4m Kenyans suffer crypto crash losses


4 million Kenyans suffer from cryptographic losses

The ongoing collapse in the cryptocurrency industry could push some four million Kenyans who hold digital assets deeper into losses. PHOTO ARCHIVE | NMG

The ongoing collapse in the cryptocurrency industry could push some four million Kenyans who hold digital assets deeper into losses, as the major Bitcoin cryptocurrency struggles to stay above the key 2.3 million Sh ($ 20,000) level ).

The crypto market, known for its wild price fluctuations, has lost more than half its value since November last year as investors pulled money from riskier assets amid worries about rising inflation and rising interest rates.

This has reached the estimated four million Kenyans, mostly young and small traders, who in recent years have turned to cryptocurrencies in hopes of a quick return, despite warnings from regulators such as the Central Bank of Kenya (CBK) that emerging assets they can be elevated. risk.

The blockchain analysis firm Chainalysis, which ranks countries in adopting cryptocurrencies, has revealed that Kenya has about four million crypto-investors.

The firm, which tracks cryptocurrency flows for U.S. financial corporations and law enforcement, believes Kenya is among the top traders in peer-to-peer cryptocurrency platforms, allowing traders to transact directly with each other without the need of a centralized third party to facilitate transactions.

READ ALSO: Coinbase cuts 1,100 jobs as cryptographic crisis worsens

The four million are more than the 3.07 million Kenyans who have formal employment, indicating that the investors are students and workers in the informal sector.

The sector is not regulated in the country, which makes it difficult to establish the value of digital assets owned by Kenyans, mostly technology experts, but the amount could reach billions.

Kenyan investors buy cryptocurrencies to preserve their savings, conduct international transactions both for individual remittances for those working in places like Europe and North America or for commercial use, such as buying goods to import and sell, Chainalysis says.

Paying for imports via cryptocurrency is seen as convenient and fast because traders no longer have to buy dollars using Kenyan shillings or pay fees to money transfer companies like Western Union.

But recent turmoil is inflicting on these retail investors, as traders felt that market changes were normal.

READ ALSO: Bitcoin avoids big losses but pessimism reigns in the crypto markets

“Settlements should not be a concern for cryptocurrency investors. What is happening is that some are moving their cryptocurrencies to less risky assets, such as what we have seen in traditional financial markets,” said George Mwakisha, Binance’s chief representative in Kenya. largest cryptocurrency exchange in the world.

Bitcoin, the world’s largest cryptocurrency, fell to $ 17,592.78 on Saturday, falling below the key $ 20,000 level for the first time since December 2020.

It recovered slightly during London trading hours on Monday, around $ 20,510. But it still lost 55 percent of its value this year and 35 percent just this month in the latest collapse of the cryptocurrency industry.

The fall of Bitcoin continues to be a problem in several major cryptocurrency companies. Other declines, market players said, could have a side effect as other crypto investors are forced to sell their holdings to deal with margin calls and cover losses.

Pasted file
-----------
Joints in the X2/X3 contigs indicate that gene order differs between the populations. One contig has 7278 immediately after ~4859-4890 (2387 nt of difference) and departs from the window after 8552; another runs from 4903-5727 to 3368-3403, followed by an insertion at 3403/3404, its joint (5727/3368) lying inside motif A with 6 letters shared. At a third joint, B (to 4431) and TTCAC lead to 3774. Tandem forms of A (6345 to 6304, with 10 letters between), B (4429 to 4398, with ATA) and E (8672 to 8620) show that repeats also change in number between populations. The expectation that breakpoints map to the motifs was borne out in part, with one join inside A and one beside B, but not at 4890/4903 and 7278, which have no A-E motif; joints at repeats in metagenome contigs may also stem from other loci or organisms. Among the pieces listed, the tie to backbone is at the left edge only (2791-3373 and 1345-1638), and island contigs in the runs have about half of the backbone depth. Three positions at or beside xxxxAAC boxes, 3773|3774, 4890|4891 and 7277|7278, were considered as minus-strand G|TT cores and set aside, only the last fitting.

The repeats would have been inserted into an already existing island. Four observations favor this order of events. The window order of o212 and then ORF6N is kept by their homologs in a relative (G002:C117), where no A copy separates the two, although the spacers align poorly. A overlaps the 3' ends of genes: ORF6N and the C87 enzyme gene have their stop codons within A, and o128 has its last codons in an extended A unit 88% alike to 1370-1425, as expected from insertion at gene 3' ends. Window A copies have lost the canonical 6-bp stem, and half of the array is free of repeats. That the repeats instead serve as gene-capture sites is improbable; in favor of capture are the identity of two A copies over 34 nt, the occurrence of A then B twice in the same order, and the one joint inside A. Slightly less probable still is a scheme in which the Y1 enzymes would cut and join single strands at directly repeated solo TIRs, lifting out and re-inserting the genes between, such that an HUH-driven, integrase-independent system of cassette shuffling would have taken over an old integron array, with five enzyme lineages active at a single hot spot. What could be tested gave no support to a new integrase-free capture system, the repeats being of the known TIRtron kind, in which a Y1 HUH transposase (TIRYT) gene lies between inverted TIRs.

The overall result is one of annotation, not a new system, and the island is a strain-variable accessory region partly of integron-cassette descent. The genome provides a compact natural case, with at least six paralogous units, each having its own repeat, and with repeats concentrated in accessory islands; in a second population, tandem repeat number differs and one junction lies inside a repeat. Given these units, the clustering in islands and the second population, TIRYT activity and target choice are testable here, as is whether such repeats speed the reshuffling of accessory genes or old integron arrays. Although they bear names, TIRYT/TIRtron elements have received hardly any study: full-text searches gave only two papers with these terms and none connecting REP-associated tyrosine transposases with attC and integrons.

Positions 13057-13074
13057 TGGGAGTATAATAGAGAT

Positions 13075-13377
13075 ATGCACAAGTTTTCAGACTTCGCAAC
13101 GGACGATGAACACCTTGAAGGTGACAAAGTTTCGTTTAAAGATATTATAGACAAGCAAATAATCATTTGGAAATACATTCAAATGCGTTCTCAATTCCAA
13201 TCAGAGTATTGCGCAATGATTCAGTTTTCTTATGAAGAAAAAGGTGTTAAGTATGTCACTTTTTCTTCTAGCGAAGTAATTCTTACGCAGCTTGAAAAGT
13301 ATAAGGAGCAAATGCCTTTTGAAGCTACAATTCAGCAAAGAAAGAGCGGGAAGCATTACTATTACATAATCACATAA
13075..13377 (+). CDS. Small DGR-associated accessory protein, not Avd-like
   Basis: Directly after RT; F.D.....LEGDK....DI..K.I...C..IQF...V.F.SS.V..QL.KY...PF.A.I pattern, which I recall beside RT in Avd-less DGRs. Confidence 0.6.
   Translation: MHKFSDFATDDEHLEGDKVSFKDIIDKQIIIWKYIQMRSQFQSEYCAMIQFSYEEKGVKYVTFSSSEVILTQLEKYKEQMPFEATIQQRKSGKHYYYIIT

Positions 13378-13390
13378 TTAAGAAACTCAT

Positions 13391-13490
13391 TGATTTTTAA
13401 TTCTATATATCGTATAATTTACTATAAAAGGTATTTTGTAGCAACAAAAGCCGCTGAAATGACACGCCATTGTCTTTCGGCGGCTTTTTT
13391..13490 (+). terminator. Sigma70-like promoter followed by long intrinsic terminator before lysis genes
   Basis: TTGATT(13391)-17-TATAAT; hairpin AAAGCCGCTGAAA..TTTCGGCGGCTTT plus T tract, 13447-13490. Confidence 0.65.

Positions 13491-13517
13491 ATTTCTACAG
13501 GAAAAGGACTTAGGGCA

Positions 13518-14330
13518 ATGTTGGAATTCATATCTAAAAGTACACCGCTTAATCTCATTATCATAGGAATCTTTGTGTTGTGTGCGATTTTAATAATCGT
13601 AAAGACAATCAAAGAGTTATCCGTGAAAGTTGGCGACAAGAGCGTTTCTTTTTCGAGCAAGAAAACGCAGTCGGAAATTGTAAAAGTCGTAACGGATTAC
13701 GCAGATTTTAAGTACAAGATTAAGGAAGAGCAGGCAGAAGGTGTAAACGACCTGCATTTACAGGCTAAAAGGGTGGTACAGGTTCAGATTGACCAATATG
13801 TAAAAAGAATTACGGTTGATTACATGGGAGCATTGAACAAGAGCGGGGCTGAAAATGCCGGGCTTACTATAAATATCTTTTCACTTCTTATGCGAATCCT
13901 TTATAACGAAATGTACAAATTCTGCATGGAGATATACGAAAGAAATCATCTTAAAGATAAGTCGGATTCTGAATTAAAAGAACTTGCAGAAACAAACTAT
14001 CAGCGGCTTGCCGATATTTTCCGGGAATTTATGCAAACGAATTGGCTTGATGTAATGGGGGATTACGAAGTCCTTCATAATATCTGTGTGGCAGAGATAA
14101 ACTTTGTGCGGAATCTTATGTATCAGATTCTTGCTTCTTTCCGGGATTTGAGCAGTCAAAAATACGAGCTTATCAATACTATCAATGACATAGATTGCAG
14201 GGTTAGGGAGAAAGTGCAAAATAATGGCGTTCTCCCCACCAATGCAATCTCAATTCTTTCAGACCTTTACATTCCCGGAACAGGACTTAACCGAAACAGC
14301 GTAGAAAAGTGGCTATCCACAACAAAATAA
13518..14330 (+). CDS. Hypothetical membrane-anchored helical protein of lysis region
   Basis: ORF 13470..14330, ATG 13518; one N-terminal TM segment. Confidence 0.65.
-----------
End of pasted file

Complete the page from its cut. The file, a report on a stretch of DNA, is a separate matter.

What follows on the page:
This has made it difficult to measure the pain scale of retail investors ’fall in cryptocurrencies and the effects on future appetite given the murky nature of the market.

Cryptocurrencies are not regulated in many countries and their legal status is unclear, which means there is no safety net and few resources are lost.

“Cryptocurrencies are new, so most people are operating and commenting from a point of little knowledge. But for millions of unemployed young Kenyans, including college students, it is an investment and an income earner,” Mwakisha said.

CBK has a different view of Mr. Mwakisha.

Central bank Gov. Patrick Njoroge says cryptocurrencies pose risks to financial stability, arguing that digital currencies could solve problems such as bringing the poor into the financial system or reducing transaction costs.

READ ALSO: Binance denies it was used by criminals to launder Sh274.4bn

CBK in February invited the public to learn about the possible introduction of a digital currency, offer some benefits, especially in reducing the costs of cross-border payments.

But cryptocurrencies have become popular in Kenya despite central bank warnings about their risks.

“There has been a lot of hype,” Njoroge said about cryptocurrencies at a virtual event moderated by International Monetary Fund Africa Director Abebe Aemro Selassie in June.

He suggested that cryptographic assets could be regulated as a “product of wealth.”

The fall in cryptocurrency markets coincided with a fall in equities, as US equities suffered their biggest weekly decline in two years in the face of fears of rising interest rates and the growing likelihood of a recession.

Bitcoin movements have tended to follow a pattern similar to other risky assets, such as technology stocks.

The global capitalization of the cryptocurrency market is approximately $ 950 billion (102.1 trillion sh), according to the Coinmarketcap pricing site, below a peak of $ 2.9 trillion (340.6 trillion sh) in November of 2021.

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